A scientist and teacher by profession, my father had been an excellent amateur calligrapher in his youth, and an artist in ink, as well as an occasional poet. He was diagnosed with Parkinson’s Disease in 1967, but a badly shaky writing hand was the earliest symptom, some time before that, and he had to switch to his other hand to teach himself how to write from scratch, giving up drawing for ever. The condition takes you through cycles of capability — from flail to freeze and back — that mean that you are all too often not to be able to get your limbs to do the most ordinary things, such as picking up the pills which will cycle you through blessed mid-way periods of balance for a while, but then out again into the opposite unbalanced state. The effect on anything more deftly ambitious will eventually be devastating, but for some the slow on-set of the disease will mean — as my father’s poem below suggests — that the passions and possibilities of your art have become intimately tangled with Parkinson’s itself, how you feel about it, how you work with it; what you want to do, what you can no longer do. And in fact he lived with it — as did we, his family — for 43 years, an unusually long time.

14
Feb 12

13 Worst Films Of 2011: 5 /4 : Ships & Monsters

FT18 comments • 1,531 views

Yo ho ho and a bottle of dumb. My joint fourth worst films of last year are additions to franchises, which use boats, monsters and lack any real plot logic. Both films are adapted from books, one ridiculously loosely, the other relatively slavishly. But in both cases I left the cinema rubbing my head wondering why it was ever made. And then I looked at the box office results and it was more than clear why. The movie business love franchises, even faltering franchises, an box office is king. But empty special effects sequences tied together do not make a film, and be it a franchise extension or a relatively tedious point in a franchise wind down, ships and monsters aren’t enough for me.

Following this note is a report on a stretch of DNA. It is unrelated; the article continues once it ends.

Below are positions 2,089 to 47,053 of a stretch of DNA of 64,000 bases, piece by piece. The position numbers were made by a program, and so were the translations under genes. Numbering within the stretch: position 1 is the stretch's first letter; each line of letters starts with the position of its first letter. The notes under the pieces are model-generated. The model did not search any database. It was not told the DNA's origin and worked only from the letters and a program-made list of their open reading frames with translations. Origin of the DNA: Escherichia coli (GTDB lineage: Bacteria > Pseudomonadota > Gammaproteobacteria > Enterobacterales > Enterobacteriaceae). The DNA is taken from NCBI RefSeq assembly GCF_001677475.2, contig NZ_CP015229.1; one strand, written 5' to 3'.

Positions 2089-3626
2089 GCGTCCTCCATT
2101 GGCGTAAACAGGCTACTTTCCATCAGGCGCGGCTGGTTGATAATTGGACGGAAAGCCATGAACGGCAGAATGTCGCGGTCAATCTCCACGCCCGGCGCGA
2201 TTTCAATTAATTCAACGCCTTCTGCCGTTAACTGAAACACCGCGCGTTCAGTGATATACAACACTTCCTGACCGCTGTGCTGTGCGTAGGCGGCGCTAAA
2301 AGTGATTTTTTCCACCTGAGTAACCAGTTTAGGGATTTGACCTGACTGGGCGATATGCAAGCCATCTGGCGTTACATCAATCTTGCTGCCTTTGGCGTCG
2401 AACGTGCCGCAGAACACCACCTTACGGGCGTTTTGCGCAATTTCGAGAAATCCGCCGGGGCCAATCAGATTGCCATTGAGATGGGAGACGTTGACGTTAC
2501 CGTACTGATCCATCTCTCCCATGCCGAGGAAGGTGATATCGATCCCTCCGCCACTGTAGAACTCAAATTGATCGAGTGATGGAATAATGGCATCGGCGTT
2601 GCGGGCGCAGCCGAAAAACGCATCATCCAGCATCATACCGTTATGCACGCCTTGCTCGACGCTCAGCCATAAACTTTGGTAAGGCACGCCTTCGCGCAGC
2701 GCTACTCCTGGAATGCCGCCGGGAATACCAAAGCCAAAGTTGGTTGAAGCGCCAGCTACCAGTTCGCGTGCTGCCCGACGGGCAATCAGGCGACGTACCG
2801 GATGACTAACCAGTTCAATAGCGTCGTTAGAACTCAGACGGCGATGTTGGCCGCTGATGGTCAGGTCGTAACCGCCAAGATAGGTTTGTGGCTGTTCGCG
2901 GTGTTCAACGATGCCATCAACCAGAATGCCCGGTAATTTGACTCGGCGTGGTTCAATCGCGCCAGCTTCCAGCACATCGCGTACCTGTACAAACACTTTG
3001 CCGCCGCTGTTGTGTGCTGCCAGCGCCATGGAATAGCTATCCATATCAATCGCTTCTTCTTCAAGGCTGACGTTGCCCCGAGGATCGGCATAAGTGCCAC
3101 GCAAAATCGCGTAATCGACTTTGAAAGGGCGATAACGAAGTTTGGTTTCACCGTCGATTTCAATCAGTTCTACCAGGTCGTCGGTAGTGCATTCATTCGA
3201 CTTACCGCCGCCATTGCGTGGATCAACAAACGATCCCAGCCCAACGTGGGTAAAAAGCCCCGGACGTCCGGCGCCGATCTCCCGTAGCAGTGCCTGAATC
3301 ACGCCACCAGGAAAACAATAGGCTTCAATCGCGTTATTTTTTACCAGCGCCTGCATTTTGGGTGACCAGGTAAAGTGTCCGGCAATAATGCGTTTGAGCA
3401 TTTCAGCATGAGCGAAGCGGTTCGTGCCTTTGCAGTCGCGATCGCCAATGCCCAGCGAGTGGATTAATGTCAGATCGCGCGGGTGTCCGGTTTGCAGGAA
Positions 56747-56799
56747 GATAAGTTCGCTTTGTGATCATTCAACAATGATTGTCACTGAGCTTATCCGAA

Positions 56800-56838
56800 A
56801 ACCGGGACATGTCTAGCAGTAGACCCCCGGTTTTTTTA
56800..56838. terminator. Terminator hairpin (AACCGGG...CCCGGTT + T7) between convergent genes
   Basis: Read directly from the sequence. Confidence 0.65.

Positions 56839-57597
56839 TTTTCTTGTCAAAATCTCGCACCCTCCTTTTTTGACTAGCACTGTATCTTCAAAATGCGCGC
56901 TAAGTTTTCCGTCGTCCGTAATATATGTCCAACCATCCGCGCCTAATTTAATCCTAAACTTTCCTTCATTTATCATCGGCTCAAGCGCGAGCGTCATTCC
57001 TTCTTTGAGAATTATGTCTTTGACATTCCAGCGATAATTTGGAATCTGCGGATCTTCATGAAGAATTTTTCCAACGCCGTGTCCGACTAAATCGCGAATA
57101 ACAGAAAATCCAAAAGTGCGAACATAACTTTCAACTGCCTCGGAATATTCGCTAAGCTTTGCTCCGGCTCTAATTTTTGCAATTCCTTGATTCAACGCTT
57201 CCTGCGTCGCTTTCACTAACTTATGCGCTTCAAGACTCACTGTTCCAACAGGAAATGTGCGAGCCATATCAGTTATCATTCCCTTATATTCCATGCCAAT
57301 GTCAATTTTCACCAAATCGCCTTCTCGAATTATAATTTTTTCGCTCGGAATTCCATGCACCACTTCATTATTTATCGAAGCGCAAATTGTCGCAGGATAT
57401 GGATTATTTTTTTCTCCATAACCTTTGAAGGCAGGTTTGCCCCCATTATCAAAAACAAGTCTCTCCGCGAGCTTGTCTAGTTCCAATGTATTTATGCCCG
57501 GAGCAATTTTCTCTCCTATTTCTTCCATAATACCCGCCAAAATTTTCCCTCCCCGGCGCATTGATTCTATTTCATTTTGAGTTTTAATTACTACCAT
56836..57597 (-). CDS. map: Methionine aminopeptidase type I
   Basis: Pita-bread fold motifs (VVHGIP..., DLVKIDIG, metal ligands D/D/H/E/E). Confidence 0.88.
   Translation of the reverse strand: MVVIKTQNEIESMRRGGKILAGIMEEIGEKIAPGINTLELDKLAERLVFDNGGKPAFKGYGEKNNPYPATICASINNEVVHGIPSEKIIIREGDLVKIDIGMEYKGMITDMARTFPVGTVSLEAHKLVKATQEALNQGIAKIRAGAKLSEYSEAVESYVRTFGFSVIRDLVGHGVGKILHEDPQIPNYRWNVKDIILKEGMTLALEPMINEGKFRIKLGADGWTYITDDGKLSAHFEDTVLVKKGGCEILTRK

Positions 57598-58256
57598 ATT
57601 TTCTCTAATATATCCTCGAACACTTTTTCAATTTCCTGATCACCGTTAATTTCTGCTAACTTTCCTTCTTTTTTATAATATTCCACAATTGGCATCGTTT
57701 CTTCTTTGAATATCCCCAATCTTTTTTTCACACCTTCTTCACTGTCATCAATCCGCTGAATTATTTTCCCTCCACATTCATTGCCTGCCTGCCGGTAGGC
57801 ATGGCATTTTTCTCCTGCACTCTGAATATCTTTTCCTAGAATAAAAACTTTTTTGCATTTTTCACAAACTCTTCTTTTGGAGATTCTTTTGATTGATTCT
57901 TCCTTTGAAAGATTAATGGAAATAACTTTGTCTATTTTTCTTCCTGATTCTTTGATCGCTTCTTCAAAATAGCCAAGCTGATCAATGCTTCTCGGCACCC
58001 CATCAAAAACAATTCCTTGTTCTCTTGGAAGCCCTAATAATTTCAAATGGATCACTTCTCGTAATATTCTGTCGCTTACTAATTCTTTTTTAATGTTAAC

11
Feb 12

13 Worst Films Of 2011: 6: Occupy The Upper West Side

Do You See2 comments • 466 views

Last year only one fiction film really engaged with the issues around Occupy Wall Street. Set in New York, the 99%, the disenfranchised took on a fictional banker to strike a blow for the little man, the trodden on, the people who did follow the rules. And what a banker – an obscene penthouse occupying, master of the universe with an hugely bad taste swimming pool, Steve McQueen’s car from Bullitt in his apartment and has the leering air of Hawkeye from M*A*S*H. Cos its Alan Alda. This recession revenge film plays with the class struggle by subtly giving us flawed middle management heroes – those who organise the revolution here are the squeezed middle, not even those at the bottom of the ladder. Except, well, Eddie Murphy phones in a lousy eighties performance and did I mention the whole thing is directed by Brett Ratner.

10
Feb 12

Time Reconsidered as a Helix of Semi-Precious Who Eps: #17 EARTHSHOCK

FT6 comments • 994 views

or “You Will be Very Crumpled”

… being a show-by-show TARDIS-esque (ie in effect random) exploration of Doctor Who Soup to Nuts, begun at LJ’s diggerdydum community, and crossposted at FT.

aka the Sorrows of Young Adric, in which everyone’s favourite wooden doughy doe-eyed teen brainiac hatemonkey Adults Up and Takes One for Evolution, cleverly time-slipping an otherwise entirely unremarkable production-line Cyberman planet-bomb into the actual original Alvarez Impact… At this most traumatically significant transition-time for Likeable 5ive and his Famously Too-Numerous Pals, why not mark/muffle/muddle the Breaking of the Fellowship with the first starring role in kid’s pop culture for the Cretaceous–Tertiary extinction event? Anyway, EarthSoXoR was an ep I’ve heard a LOT, but never seen: SO NOW READ ON